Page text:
Journal of Ornithology

, Volume 155, Issue 4, pp 841–851 | Cite as

Jurassic archosaur is a non-dinosaurian bird

  • Stephen A. Czerkas
  • Alan FeducciaEmail author
Original Article


Re-examination utilizing Keyence 3D digital microscopy and low angled illumination of the fossil Scansoriopteryx, a problematic sparrow-size pre-Archaeopteryx specimen from the Jurassic Daohugou Biotas, provides new evidence which challenges the widely accepted hypothesis that birds are derived from dinosaurs in which avian flight originated from cursorial forms. Contrary to previous interpretations in which Scansoriopteryx was considered to be a coelurosaurian theropod dinosaur, the absence of fundamental dinosaurian characteristics demonstrates that it was not derived from a dinosaurian ancestry and should not be considered as a theropod dinosaur. Furthermore, the combination in which highly plesiomorphic non-dinosaurian traits are retained along with highly derived features, yet only the beginnings of salient birdlike characteristics, indicates that the basal origins of Aves stemmed from outside the Dinosauria and further back to basal archosaurs. Impressions of primitive elongate feathers on the forelimbs and hindlimbs suggest that Scansoriopteryx represents a basal form of “tetrapteryx” in which incipient aerodynamics involving parachuting or gliding was possible. Along with unique adaptations for an arboreal lifestyle, Scansoriopteryx fulfills predictions from the early twentieth century that the ancestors of birds did not evolve from dinosaurs, and instead were derived from earlier arboreal archosaurs which originated flight according to the traditional trees-down scenario.


Scansoriopteryx Epidendrosaurus Theropod Archosaur Daohugou Biota Jurassic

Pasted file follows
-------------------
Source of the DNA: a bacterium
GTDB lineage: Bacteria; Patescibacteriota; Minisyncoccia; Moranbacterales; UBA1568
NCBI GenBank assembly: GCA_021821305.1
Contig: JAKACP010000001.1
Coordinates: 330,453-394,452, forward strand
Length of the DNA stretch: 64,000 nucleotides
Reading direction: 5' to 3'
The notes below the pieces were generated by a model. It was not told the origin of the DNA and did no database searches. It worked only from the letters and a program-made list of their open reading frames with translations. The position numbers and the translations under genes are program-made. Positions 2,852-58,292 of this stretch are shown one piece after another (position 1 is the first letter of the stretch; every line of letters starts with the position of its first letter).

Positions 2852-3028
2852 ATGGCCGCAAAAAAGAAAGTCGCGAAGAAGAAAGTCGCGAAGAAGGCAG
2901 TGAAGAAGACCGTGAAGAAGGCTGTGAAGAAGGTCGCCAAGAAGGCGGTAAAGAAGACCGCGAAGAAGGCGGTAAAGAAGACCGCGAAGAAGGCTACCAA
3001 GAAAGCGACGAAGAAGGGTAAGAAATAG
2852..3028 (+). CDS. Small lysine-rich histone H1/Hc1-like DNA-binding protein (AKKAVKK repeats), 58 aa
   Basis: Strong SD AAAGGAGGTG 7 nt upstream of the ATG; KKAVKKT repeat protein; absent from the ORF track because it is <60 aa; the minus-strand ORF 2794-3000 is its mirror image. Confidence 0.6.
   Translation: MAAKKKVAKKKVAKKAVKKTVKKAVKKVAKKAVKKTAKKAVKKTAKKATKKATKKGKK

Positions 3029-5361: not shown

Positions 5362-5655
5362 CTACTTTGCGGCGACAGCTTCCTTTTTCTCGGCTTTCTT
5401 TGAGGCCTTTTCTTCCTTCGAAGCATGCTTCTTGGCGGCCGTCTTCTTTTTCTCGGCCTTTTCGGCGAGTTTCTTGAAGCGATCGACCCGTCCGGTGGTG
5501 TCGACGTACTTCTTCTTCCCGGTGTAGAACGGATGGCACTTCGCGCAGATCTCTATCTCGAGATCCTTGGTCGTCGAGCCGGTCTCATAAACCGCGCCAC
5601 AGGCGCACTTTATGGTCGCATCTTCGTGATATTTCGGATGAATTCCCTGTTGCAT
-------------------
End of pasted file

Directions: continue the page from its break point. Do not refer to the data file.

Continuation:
Archosaurier aus dem Jura ist ein nicht-dinosaurischer Vogel Eine erneute Untersuchung mittels Keyence-3D-Digitalmikroskopie und Dunkelfeldbeleuchtung des fossilen Scansoriopteryx, eines zweifelhaften sperlingsgroßen prä-Archaeopteryx-Beleges aus den jurassischen Daohugou-Schichten, liefert neue Hinweise, welche die weithin anerkannte Hypothese in Frage stellen, dass Vögel von Dinosauriern abstammen und sich der Vogelflug über laufende Formen entwickelte. Im Widerspruch zu früheren Deutungen, die Scansoriopteryx als Coelurosaurier, also einen theropoden Dinosaurier, betrachteten, zeigt das Fehlen grundlegender Dinosaurier-Eigenschaften, dass er nicht von Dinosauriervorfahren abstammt und somit auch nicht als theropoder Dinosaurier angesehen werden sollte. Außerdem deuten die in Kombination mit stark abgeleiteten Merkmalen erhaltenen deutlich plesiomorphen Nichtdinosaurier-Eigenschaften bei gleichzeitig erst in Ansätzen vorhandenen vogelartigen Ausprägungen darauf hin, dass die tieferen Ursprünge der Aves außerhalb der Dinosaurier liegen und weiter zurück zu den basalen Archosauriern reichen. Abdrücke primitiver verlängerter Federn an den Vorder- und Hinterextremitäten legen nahe, dass Scansoriopteryx eine basale Form eines „Tetrapteryx“war, bei der beginnende Aerodynamik in Gestalt von Segel- oder Gleitflug möglich war. In Verbindung mit einzigartigen Anpassungen an eine baumbewohnende Lebensweise erfüllt Scansoriopteryx Vorhersagen aus dem frühen 20. Jahrhundert, die besagen, dass sich die Vorfahren der Vögel nicht aus Dinosauriern entwickelten, sondern stattdessen von früheren baumbewohnenden Archosauriern abstammen, bei denen sich der Flug gemäß der traditionellen Baumtheorie entwickelte.



The authors wish to thank Ji Qiang, for his valuable discussions and insights, the Institute of Geology, Chinese Academy of Geological Sciences; Nick J. Spruill, Senior Technologist and Alfred M. Pettinger, Senior Managing Consultant, Director of Mechanics, Engineering Systems Inc. for the Keyence microscopy; Sylvia J. Czerkas, Director of The Dinosaur Museum; and Frances James and other reviewers for their helpful comments.


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Copyright information

© Dt. Ornithologen-Gesellschaft e.V. 2014

Authors and Affiliations

  1. 1.The Dinosaur MuseumBlandingUSA
  2. 2.Department of BiologyUniversity of North CarolinaChapel HillUSA

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